Private equity firm CVC has until today to up its 2.9 billion euro ($4.1 billion) bid for German cable operator Kabel BW if it wants to beat Liberty Global‘s bid, Reuters reported. Liberty Global upped its bid to 3.1 billion euros ($4.4 billion) on Saturday, Reuters said.
(Reuters) – Private equity firm CVC has until Monday to raise its offer in a battle for German cable operator Kabel BW if it wants to beat Liberty Global’s bid, according to people familiar with the situation.
Media mogul John Mallone’s Liberty Global (LBTYA.O) edged ahead in the auction for Kabel Baden Wuerttemberg [KBWHL.UL], people familiar with the matter said, when it raised its bid to 3.1 billion euros ($4.4 billion) on Saturday.
CVC [CVC.UL], which had previously looked a likely winner with its 2.95 billion euro bid, has not yet raised its offer but can do so until Monday, two people said on Sunday.
A third offer from buyout firm Hellman & Friedman was beaten by both last week.
All of the parties concerned declined to comment.
Swedish buyout firm EQT (EQT.N), backed by the Wallenberg family, had been due to decide whether to sell KBW this weekend, but could now take a while longer given the higher offer, one of the sources said on Sunday.
Should it come to a tie, EQT is likely to pick CVC in light of significant anti-trust issues facing Liberty Global’s bid, which would bring together Germany’s second and third largest cable companies, a second person familiar with the matter said.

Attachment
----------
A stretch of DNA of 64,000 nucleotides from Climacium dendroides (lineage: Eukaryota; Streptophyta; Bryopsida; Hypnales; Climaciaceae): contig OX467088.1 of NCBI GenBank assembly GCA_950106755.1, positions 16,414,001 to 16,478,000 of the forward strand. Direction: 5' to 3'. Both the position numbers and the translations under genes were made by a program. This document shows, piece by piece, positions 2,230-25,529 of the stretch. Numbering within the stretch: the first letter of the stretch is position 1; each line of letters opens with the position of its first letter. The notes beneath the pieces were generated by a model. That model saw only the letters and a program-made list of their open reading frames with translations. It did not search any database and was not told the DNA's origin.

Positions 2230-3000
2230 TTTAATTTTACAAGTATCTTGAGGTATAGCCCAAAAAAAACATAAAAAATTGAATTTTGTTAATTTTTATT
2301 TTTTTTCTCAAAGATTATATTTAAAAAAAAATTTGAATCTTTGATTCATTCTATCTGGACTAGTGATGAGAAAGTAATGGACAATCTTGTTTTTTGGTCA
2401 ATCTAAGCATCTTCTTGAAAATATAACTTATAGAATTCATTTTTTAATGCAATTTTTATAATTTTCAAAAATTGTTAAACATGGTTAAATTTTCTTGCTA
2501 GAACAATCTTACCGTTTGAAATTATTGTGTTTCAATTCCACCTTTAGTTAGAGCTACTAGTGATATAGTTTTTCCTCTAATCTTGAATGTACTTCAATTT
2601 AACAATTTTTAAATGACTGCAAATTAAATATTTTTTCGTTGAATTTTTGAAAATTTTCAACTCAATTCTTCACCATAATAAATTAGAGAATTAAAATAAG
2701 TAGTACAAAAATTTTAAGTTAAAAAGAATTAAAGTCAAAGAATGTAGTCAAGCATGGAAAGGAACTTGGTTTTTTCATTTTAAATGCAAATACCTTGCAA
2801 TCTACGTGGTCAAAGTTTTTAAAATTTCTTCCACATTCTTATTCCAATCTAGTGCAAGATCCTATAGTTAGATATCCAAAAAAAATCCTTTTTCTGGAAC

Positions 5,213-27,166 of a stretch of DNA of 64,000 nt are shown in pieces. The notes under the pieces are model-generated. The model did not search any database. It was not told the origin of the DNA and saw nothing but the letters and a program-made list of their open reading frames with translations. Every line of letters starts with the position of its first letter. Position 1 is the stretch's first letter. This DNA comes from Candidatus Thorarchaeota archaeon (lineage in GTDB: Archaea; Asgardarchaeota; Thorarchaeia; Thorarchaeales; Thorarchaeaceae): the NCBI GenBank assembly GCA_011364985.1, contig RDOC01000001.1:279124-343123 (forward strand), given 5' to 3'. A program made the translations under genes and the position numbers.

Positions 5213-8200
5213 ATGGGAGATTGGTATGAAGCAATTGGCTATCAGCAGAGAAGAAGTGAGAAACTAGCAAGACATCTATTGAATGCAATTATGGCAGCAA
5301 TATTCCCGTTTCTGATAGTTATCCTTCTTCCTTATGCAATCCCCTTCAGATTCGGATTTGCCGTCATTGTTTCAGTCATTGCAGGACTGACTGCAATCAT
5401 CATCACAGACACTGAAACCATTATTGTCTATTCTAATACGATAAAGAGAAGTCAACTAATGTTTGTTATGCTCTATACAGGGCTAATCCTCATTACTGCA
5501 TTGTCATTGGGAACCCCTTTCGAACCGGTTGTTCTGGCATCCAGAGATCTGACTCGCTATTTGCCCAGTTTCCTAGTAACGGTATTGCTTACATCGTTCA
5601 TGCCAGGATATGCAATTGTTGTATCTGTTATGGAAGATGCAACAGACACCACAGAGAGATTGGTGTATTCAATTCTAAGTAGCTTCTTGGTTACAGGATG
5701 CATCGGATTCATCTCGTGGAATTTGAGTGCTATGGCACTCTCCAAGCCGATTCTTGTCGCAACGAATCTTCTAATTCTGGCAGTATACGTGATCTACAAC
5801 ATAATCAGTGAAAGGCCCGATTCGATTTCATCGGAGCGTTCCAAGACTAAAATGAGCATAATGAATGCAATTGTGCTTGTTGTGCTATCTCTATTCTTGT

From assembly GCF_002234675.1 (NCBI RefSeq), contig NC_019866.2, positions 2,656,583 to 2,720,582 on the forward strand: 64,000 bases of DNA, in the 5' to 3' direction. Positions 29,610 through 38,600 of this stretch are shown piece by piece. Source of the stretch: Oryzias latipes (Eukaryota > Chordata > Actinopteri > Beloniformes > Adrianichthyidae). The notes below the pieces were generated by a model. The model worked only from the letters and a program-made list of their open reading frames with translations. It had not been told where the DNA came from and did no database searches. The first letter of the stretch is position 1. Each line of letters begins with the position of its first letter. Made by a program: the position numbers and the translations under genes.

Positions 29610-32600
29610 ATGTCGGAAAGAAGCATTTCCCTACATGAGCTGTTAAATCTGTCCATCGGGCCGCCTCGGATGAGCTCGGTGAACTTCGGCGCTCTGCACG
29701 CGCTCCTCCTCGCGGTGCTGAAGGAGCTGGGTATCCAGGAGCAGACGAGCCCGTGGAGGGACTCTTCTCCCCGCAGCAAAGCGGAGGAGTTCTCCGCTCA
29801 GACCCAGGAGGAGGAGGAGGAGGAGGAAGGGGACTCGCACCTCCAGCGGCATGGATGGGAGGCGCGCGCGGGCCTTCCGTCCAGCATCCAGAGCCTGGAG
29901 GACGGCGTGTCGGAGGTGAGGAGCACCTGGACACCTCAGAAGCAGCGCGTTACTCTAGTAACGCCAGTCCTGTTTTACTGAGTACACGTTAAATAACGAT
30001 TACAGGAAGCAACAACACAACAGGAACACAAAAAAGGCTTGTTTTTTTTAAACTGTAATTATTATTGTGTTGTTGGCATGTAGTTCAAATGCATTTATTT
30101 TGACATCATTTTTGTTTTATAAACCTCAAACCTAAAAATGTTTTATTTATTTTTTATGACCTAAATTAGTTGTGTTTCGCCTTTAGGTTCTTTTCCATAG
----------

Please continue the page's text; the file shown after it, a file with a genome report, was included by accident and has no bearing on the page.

Liberty Global already owns larger German cable company Unitymedia.
EQT shelved plans last week to float Danish outsourcing firm ISS and had been looking at a possible stock market listing for KBW at the same time as exploring a sale, another source familiar with the situation said on Saturday.
The market turmoil in the aftermath of the catastrophic earthquake in Japan and fighting in Libya has rocked financial markets, taking potential IPOs off the table.
Germany’s cable market — considered ripe for consolidation for years — poses a big threat to dominant telecom firms because cable companies now also offer telephone and Internet, eating into telecoms business.
But consolidation has been constrained by regulation that effectively bans mergers among large players.
Kabel Deutschland (KD8Gn.DE), Germany’s biggest cable operator, in 2004 tried to merge with Kabel Baden-Wuerttemberg and Unitymedia to create a sizeable rival to telecom group Deutsche Telekom (DTEGn.DE).
Anti-trust authorities thwarted the plans and the Federal Cartel Office has repeatedly said that it believed a merger of the large cable companies was problematic.
Since regulatory approval can take months, the involved parties may choose to “warehouse” the deal, meaning banks would own Kabel BW for some time and also ask for a fee.
“This is very attractive for EQT since there is no execution risk anymore”, one of the people familiar with the negotiations said.
“This only works with an asset the banks consider very attractive,” the person said.
Financing for a takeover of KBW is expected to exceed six times earnings, other people said on Friday, with the package set to include loans and high-yield bonds.
A third person said on Saturday that debt for a Liberty Global offer would have to be placed in escrow until German regulators had approved a deal. ($1=.7053 Euro)